Resources for Teachers and Instructional Coaches – October 2022

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It’s spooky how fast October went by! Scared that you may have missed resources for teachers and coaches this past month?

We’ve rounded up the top resources from October 2022 and included highlights here.

These three reads have great ideas and resources for teachers and coaches around supporting students’ productive struggle, classroom essentials, and prioritizing teacher self-care.

Here are our top picks for the October 2022 reads to catch up on. Check out highlights, article links, and related content below.

Resources for teachers to support students’ productive struggle

Just like stress can be good or bad, struggle also has two faces. The good kind is productive struggle.

For students, the pressure of learning can feel stressful. But teachers can support productive struggle in their classrooms with a variety of strategies in the resources for teachers in this SmartBrief article.

Here are two strategies teachers can use for: “Preparing [students] for it, embracing it and reminding them that a community of teachers and peers are there to catch them when they stumble.”

  1. Assign group work
    Letting students work in teams is one way to develop grit, Rosemary said, because students can learn that everyone has different learning styles and levels of knowledge, and each can contribute something. Teamwork also teaches social-emotional skills and can improve students’ development of persistence.Whether students work in teams or individually, teachers should also consistently reinforce with students that they’re not expected to know everything already and that they’re not expected to succeed right away.
  2. Use real-life examples
    Using real-life examples — such as an athlete, singer, scientist or entrepreneur who constantly practices to improve, even after they’re famous, or grandparents who are asking for help figuring out smartphones or streaming services — can help students see the value in struggle.Integrating the social-emotional aspect into learning concepts helps teachers note red flags — each student’s may be different — that indicate when they feel pushed too far. Instead of letting the student keep going and shut down, teachers who recognize what’s happening can quickly intervene to ask questions, suggest a different approach or, with younger students, give them a small break from the subject. Then they bring students back to try again, building grit a little at a time. That’s the productive struggle at work.

Read the rest of the strategies to support students’ productive struggle at SmartBrief: Productive struggle: What it is and how to achieve it

Watch culturally responsive teaching expert Zaretta Hammond discuss how to combat learning loss by embracing productive struggle.

Essentials for the classroom include student feedback, engagement, and well-being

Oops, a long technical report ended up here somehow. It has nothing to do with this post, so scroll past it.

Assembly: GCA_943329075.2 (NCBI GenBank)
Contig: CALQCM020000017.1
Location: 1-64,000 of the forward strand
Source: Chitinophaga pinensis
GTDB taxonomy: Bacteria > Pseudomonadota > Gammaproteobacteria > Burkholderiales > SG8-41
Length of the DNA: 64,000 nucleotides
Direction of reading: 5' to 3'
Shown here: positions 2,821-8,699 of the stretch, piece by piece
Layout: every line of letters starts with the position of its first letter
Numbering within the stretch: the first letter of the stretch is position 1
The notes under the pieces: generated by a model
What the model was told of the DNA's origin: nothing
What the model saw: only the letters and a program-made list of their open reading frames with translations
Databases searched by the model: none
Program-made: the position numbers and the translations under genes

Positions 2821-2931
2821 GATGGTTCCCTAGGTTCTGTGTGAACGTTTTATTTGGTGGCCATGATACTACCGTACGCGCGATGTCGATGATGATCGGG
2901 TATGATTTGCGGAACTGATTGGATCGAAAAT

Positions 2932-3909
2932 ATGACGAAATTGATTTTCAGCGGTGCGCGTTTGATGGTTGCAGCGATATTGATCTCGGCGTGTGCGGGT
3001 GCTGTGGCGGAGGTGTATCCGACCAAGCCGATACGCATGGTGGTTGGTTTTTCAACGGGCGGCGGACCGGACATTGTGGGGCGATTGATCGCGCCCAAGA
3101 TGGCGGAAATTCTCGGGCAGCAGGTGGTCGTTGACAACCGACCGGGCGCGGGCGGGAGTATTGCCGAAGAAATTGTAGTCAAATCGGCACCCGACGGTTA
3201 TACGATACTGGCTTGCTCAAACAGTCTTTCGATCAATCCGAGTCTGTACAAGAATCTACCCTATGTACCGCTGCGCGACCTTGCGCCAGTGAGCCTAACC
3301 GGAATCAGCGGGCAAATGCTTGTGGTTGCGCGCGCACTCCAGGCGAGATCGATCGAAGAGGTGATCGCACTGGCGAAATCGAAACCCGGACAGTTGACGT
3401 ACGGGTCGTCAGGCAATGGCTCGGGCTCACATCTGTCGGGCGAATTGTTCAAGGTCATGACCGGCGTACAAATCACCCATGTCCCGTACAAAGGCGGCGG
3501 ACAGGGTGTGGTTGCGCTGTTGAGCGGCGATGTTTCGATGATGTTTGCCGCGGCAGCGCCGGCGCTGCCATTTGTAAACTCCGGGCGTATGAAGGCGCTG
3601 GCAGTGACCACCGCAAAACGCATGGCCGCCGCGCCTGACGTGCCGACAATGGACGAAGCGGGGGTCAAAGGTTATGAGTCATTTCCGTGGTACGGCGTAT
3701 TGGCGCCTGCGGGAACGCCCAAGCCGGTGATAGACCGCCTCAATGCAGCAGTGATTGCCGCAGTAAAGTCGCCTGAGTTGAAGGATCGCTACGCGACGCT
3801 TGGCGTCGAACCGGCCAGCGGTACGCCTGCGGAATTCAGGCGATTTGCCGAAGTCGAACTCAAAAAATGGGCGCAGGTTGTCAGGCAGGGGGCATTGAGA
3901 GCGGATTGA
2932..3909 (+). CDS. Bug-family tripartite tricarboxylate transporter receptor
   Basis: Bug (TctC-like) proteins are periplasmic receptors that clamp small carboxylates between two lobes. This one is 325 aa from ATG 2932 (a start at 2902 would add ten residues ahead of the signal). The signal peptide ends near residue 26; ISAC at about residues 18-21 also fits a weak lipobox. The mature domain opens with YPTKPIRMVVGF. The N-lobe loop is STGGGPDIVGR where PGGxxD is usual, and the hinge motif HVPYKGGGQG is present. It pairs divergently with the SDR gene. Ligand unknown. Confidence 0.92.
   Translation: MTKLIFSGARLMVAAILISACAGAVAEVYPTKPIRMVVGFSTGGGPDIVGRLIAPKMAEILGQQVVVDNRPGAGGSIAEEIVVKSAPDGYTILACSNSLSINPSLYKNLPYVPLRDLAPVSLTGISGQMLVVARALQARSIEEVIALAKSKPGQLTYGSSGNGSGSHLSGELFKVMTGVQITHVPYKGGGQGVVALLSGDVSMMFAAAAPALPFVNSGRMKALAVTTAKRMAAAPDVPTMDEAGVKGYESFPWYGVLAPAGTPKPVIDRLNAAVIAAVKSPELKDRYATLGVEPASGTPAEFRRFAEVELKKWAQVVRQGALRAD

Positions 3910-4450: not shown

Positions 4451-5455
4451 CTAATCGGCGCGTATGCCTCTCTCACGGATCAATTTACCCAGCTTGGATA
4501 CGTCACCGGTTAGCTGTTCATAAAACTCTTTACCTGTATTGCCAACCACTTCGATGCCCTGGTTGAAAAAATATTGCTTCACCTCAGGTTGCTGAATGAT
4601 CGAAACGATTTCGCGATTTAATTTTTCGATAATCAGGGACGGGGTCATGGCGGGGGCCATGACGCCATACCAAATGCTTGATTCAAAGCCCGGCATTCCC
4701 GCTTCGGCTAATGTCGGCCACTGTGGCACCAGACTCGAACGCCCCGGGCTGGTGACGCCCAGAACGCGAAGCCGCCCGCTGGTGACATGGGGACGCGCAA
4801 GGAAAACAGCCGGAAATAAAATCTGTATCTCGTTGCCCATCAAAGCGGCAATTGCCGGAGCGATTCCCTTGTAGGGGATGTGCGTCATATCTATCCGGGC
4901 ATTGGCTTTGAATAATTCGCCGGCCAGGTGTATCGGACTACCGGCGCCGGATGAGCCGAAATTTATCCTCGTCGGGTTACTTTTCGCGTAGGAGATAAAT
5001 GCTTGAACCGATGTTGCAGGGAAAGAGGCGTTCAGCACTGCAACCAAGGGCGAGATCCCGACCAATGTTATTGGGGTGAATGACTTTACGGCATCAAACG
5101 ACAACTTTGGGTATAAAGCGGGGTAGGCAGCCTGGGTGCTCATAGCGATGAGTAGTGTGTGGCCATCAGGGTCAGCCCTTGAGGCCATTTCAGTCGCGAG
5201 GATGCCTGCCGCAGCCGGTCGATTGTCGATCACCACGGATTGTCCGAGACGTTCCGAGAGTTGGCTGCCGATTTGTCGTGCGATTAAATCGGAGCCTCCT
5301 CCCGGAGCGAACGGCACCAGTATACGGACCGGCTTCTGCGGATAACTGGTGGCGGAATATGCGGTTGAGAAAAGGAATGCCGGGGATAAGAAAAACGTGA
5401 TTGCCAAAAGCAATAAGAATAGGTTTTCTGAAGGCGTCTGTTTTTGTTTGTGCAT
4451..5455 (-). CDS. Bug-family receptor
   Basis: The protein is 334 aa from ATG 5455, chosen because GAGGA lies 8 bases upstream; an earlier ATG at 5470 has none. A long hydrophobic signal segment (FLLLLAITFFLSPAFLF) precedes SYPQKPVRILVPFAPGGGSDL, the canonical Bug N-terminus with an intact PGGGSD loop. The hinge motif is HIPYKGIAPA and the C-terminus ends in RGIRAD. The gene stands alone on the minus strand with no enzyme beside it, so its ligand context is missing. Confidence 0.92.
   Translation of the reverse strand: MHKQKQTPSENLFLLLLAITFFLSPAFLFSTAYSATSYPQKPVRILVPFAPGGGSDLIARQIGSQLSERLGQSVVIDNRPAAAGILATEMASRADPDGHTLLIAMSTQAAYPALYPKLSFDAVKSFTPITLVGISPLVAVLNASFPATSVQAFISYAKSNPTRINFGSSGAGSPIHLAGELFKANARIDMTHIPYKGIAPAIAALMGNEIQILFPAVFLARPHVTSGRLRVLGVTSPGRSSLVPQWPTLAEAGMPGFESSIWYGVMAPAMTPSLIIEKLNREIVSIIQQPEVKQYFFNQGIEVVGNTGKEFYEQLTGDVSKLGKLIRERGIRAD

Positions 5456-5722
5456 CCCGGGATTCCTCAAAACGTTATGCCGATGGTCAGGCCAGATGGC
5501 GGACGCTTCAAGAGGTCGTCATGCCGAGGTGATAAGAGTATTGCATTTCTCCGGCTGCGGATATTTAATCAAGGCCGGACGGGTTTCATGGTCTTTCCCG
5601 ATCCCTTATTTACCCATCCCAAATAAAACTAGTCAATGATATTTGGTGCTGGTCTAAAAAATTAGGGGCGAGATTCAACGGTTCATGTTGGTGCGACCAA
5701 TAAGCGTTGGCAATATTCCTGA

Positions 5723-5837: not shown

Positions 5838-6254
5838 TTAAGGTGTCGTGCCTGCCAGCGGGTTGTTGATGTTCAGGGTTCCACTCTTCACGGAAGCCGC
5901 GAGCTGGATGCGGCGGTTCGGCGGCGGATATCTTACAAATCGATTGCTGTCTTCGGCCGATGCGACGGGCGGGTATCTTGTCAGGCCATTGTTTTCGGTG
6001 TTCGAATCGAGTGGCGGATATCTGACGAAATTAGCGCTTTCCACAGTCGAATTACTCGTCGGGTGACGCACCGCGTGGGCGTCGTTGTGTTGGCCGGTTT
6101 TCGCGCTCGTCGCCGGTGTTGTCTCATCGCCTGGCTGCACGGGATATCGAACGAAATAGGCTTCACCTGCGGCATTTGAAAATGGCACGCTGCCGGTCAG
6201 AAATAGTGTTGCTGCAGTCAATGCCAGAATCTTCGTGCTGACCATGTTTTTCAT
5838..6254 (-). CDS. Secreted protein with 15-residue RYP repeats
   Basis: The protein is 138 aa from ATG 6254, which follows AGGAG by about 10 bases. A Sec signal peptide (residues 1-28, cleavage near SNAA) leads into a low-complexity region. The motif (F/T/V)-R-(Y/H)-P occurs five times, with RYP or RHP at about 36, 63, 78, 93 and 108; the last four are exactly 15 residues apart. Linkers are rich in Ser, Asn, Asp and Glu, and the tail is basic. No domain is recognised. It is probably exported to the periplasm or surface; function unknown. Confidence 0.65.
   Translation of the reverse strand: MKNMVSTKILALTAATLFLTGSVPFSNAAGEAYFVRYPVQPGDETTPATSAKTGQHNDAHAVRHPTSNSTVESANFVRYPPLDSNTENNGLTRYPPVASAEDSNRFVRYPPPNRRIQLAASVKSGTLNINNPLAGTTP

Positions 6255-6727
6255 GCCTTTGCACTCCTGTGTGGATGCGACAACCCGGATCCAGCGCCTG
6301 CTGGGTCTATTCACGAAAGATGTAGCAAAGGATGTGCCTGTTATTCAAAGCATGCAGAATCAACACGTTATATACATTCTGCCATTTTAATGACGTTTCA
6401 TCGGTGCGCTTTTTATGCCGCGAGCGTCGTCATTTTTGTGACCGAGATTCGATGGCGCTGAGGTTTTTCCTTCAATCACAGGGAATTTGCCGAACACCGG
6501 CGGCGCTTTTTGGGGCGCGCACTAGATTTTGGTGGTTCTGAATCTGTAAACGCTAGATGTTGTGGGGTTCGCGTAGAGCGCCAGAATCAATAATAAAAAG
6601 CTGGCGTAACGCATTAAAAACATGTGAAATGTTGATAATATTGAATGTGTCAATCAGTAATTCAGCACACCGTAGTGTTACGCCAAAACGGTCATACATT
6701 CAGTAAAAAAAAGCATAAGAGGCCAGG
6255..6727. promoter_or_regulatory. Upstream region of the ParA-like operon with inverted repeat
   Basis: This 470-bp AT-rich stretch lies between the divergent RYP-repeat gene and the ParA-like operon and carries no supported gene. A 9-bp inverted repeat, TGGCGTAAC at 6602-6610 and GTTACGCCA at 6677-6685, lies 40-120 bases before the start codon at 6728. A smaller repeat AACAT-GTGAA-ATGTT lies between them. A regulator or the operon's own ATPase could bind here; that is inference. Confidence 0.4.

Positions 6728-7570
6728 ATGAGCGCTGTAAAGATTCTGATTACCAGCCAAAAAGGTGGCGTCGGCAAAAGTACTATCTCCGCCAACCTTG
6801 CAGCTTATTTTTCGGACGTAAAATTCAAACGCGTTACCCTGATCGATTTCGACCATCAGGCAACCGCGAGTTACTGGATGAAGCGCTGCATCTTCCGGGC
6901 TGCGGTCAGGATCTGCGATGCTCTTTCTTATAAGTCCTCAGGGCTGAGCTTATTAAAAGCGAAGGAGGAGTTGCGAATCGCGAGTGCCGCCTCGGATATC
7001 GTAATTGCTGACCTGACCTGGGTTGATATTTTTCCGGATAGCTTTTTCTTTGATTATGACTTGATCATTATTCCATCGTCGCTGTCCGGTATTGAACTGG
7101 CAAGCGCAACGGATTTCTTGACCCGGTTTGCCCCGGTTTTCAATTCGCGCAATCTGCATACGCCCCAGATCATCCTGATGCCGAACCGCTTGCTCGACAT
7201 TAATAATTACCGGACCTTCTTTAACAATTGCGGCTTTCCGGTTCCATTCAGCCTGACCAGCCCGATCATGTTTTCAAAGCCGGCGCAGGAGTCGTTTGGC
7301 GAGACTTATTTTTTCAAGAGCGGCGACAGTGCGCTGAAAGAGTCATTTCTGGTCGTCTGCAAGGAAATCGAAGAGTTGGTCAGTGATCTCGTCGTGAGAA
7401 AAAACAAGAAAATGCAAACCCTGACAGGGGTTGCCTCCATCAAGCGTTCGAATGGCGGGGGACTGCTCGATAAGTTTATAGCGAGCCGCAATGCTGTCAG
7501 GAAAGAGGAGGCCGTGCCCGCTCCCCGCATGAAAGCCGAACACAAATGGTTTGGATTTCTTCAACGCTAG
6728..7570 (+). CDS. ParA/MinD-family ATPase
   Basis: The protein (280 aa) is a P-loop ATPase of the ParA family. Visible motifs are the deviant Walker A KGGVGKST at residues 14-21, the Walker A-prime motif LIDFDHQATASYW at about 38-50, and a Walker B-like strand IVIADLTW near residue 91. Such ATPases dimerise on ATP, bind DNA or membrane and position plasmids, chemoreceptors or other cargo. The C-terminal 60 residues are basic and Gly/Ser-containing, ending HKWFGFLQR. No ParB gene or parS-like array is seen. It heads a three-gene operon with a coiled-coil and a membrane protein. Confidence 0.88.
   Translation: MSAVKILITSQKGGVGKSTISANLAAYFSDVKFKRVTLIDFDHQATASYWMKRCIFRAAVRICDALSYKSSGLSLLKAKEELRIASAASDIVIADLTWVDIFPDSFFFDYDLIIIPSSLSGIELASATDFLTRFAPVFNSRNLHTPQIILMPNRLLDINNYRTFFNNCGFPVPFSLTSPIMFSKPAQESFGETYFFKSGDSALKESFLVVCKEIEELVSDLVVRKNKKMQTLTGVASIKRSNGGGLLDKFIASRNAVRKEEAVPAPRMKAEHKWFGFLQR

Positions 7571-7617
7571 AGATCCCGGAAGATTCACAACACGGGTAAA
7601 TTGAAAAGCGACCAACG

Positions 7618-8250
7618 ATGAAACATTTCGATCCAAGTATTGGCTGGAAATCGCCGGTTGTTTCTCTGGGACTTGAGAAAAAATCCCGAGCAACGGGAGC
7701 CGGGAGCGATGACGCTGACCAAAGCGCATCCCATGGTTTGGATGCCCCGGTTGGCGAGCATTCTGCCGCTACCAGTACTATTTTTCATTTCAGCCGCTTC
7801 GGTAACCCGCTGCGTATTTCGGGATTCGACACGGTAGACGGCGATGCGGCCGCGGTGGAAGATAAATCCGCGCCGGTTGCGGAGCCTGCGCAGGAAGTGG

Edutopia’s article on how teachers can get back to the basics revolves around 3 key elements for the classroom: giving students effective feedback, creating safe learning environments, and supporting student (and teacher) well-being.

Here are the 4 C’s for teachers to “create opportunities for full [student] engagement.”

  • Content:
    We need content that’s relevant, challenging, and accessible. Effective teachers find ways to connect content to the lives of their students.
  • Consolidation:
    Students need the opportunity to review and synthesize content so that they can internalize skills and knowledge. This can be through games, writing, discussion, or any number of methods that require students to retrieve previously learned content.
  • Collaboration:
    As students work together, they develop empathy and appreciation of different perspectives.
    We want students to generate new ideas and new thinking based on engaging content. When students own their learning and begin to generate innovative approaches, we know they’re fully engaged.

To read more about the three essential classroom elements, check out the full article at Edutopia: Getting Back to Basics

Want to try a free guided coaching cycle on giving effective student feedback?  Get AI Coach access here.

Prioritizing teacher self-care and social-emotional well-being

Have the October blues hit you or a colleague?

This ASCD article is a great resource for teachers thinking about self-care. The article discusses how “finding balance and sustaining motivation” are key to fighting against the “motivational slump around October” that many teachers and school leaders feel.

Here are some of the ways noted for boosting educators’ self-care.

  • Taking 15 minutes to step outside for a walk
  • Setting aside consistent time for a midday meal
  • Connecting with positive colleagues

Read the whole about educator self-care at ASCD: Educator Self-Care Isn’t Selfish

Find more suggestions for educator self-care in this blog post about supporting teacher well-being.

Missed last month’s edition of resources for teachers and coaches? Catch up on the September 2022 top resources for teachers and coaches

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